The lesson? French cuisine is not always dainty, and not always fine. But last night, I ate like a king–albeit one of those Henries of five hundred years ago who gave into gout and alcoholism. But for one night, it was nice to feel more like Louis XIV than Audrey Hepburn. But luckily, when the bill came, I only handed over 30 Euros for the whole four hours we were there. I needn’t be either a king, nor a movie star. I guess in the end, with my new friends and my old French comfort food, I was just being myself.
La Cave de l’Os a Moelle
181 Rue de Lourmel
+33 01 45 57 28 28
RECIPE: Spaghetti With Pistachio Pistou, Fava Beans, And Mint
I was vegetarian for almost my entire childhood, and this week’s French in a Flash for Serious Eats explains how it came to pass that I ate almost nothing but vegetables and pasta for a decade. But it was not without its travails, and in my version of the ugly duckling, Spaghetti with Pistachio Pistou, Fava Beans, and Mint was just the thing to help me find my wings. As always, the complete story and recipe are available here. Bon app!
Spaghetti With Pistachio Pistou, Fava Beans, And Mint
- 1 pound dry spaghetti
- 1 clove of garlic
- The leaves from 3 or 4 sprigs of mint, plus extra for garnish
- 1 1/4 cups shelled toasted unsalted pistachios
- 1/3 cup shredded Parmesan, plus extra to top the pasta
- 1 tablespoon unsalted butter, room temperature
- 3/4 cup shelled blanched fava beans
- Salt and pepper
- Cook the pasta until it is al dente in a large pot of well salted, vigorously boiling water.
- Meanwhile, make the pistou by smashing together the garlic, mint, salt, and pepper in a food processor.
- Add in the Parmesan and butter, and pulse until combined.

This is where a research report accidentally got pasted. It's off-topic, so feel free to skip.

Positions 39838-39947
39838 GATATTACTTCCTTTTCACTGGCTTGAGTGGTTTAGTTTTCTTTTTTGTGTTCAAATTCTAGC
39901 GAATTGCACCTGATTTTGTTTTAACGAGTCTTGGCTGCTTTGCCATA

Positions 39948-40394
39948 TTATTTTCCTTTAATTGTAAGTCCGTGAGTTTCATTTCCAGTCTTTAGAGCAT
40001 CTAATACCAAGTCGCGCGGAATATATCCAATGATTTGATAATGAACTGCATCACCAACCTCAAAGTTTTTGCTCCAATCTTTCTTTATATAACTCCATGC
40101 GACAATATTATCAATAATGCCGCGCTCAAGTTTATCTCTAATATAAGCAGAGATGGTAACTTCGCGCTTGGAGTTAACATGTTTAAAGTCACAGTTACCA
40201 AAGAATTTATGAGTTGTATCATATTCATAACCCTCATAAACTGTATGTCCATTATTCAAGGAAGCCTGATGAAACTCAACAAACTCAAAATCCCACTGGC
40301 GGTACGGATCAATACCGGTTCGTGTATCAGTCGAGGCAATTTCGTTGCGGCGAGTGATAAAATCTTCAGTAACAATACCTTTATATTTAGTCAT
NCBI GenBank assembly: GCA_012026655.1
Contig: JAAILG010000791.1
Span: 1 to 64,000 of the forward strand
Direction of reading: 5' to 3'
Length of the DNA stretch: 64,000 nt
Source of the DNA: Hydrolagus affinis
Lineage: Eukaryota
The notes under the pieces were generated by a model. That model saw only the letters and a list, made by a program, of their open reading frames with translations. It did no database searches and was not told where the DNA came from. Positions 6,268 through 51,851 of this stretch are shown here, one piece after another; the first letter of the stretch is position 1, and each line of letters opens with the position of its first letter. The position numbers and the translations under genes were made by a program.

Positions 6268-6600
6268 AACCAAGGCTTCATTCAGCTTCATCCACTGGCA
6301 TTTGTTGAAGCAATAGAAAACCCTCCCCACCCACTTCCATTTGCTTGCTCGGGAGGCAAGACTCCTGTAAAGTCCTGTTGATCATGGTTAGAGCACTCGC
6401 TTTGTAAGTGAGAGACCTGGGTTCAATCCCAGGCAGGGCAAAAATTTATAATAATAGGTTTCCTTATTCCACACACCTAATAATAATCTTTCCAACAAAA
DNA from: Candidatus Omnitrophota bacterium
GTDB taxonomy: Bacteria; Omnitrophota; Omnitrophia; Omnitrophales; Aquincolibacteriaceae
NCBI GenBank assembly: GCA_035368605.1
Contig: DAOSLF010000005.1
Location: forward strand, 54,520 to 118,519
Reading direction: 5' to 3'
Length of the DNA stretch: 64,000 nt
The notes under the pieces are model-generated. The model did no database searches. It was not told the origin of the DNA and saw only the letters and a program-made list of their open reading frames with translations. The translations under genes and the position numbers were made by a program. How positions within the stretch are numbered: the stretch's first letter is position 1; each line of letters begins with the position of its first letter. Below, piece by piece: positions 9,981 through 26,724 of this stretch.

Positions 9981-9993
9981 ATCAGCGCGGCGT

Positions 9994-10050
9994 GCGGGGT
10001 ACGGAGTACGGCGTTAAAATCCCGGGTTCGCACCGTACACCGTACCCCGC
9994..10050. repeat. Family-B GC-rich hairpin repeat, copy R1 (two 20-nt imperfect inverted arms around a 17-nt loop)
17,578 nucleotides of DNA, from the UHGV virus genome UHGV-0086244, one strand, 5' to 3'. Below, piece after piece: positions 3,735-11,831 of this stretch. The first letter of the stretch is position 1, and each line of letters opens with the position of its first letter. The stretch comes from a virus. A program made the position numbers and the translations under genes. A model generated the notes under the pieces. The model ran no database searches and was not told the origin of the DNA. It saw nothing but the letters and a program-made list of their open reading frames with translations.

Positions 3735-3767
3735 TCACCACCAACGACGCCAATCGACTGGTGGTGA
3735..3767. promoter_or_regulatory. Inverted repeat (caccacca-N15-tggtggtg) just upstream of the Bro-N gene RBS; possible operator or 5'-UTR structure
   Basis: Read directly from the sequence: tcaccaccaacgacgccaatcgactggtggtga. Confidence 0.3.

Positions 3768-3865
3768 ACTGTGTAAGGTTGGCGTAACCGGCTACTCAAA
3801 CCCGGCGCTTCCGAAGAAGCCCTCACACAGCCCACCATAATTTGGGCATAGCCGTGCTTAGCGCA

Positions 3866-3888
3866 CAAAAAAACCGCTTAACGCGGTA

- Drain the pasta, reserving 1 cup of cooking water.
- Toss the pasta with the pistou and the fava beans, moistening as necessary with the reserved cooking water. Top with sliced mint leaves, extra chopped pistachios, and Parmesan.
RECIPE: Chilled Asparagus with Fines Herbes Aïoli
Mr. English says I make vegetables sexy; that I turn them from limp, lifeless little beings to foods that are exciting, and excited. So, it’s no surprise that in this week’s French in a Flash on Serious Eats, I am offering a menage a trois of asparagus.
When I was fifteen, I spent the summer in France, with a family that thought my vegetarianism was as foreign as my language and my politics. But when I learned what the French could do with vegetables, and when the French saw how this little American girl could appreciate them, we struck an Entente Cordiale. This salad began with my introduction to the succulent and sweet white asparagus, which I marry with pencil and green or purple stalks, coupled with an aioli sauce flavored with fines herbes (tarragon, chives, parsley, chervil).
Aioli was a sauce of which I’d always heard, but of which I never knew the origins. When I was in Provence (see the Papiers Provence here to follow my trip), I learned finally that the fresh garlic mayonnaise is actually a traditional Provencal sauce, and is often served in a dish also known as aioli, in which fish, vegetables, potatoes, and egg are served boiled and accompanied by the pungent, creamy dip.
This dish is far more simple, but I think more lovely and more delicate. Served chilled with a wedge of lime, this is the perfect spring-summer salad.
Chilled Asparagus with Fines Herbes Aïoli
serves 4 to 6
- A total of 2 pounds of asparagus, including white, purple, thick, and pencil
- 2 cloves garlic
- 2 tablespoons flat leaf parsley
- 2 tablespoons chives
- 2 tablespoons tarragon
- 2 tablespoons chervil
- Zest of 1 lemon
- Juice of 1/2 lemon
- 1 cup mayonnaise
- Salt and pepper
- Lime wedges
A Note about Aïoli
Aïoli is a Provençal sauce made from garlic, egg yolks, olive oil, and lemon. It is, in its most iconic state, served in the dish also known as aïoli, which is boiled vegetables, fish, and egg, all served with the sauce. It is, and remains, all about t
- Peel the stalks of any thick asparagus, and all the white asparagus.
- Bring a pot of water to boil, and salt it well. Blanch each type of asparagus separately. Pencil takes 30 seconds, thicker takes about 60 seconds, white 60-90 seconds. Immediately shock each bundle in ice water until completely cold.
- Make the aïoli by whirling together the garlic and the herbs, lemon zest and juice, and salt and pepper in a food processor. Then add the mayonnaise, and blend until it is a smooth sauce flecked with tiny bits of green.
- Serve the chilled asparagus with the aïoli sauce, and squeeze wedges of lime over the entire dish. Finish with flaked sea salt or fleur de sel.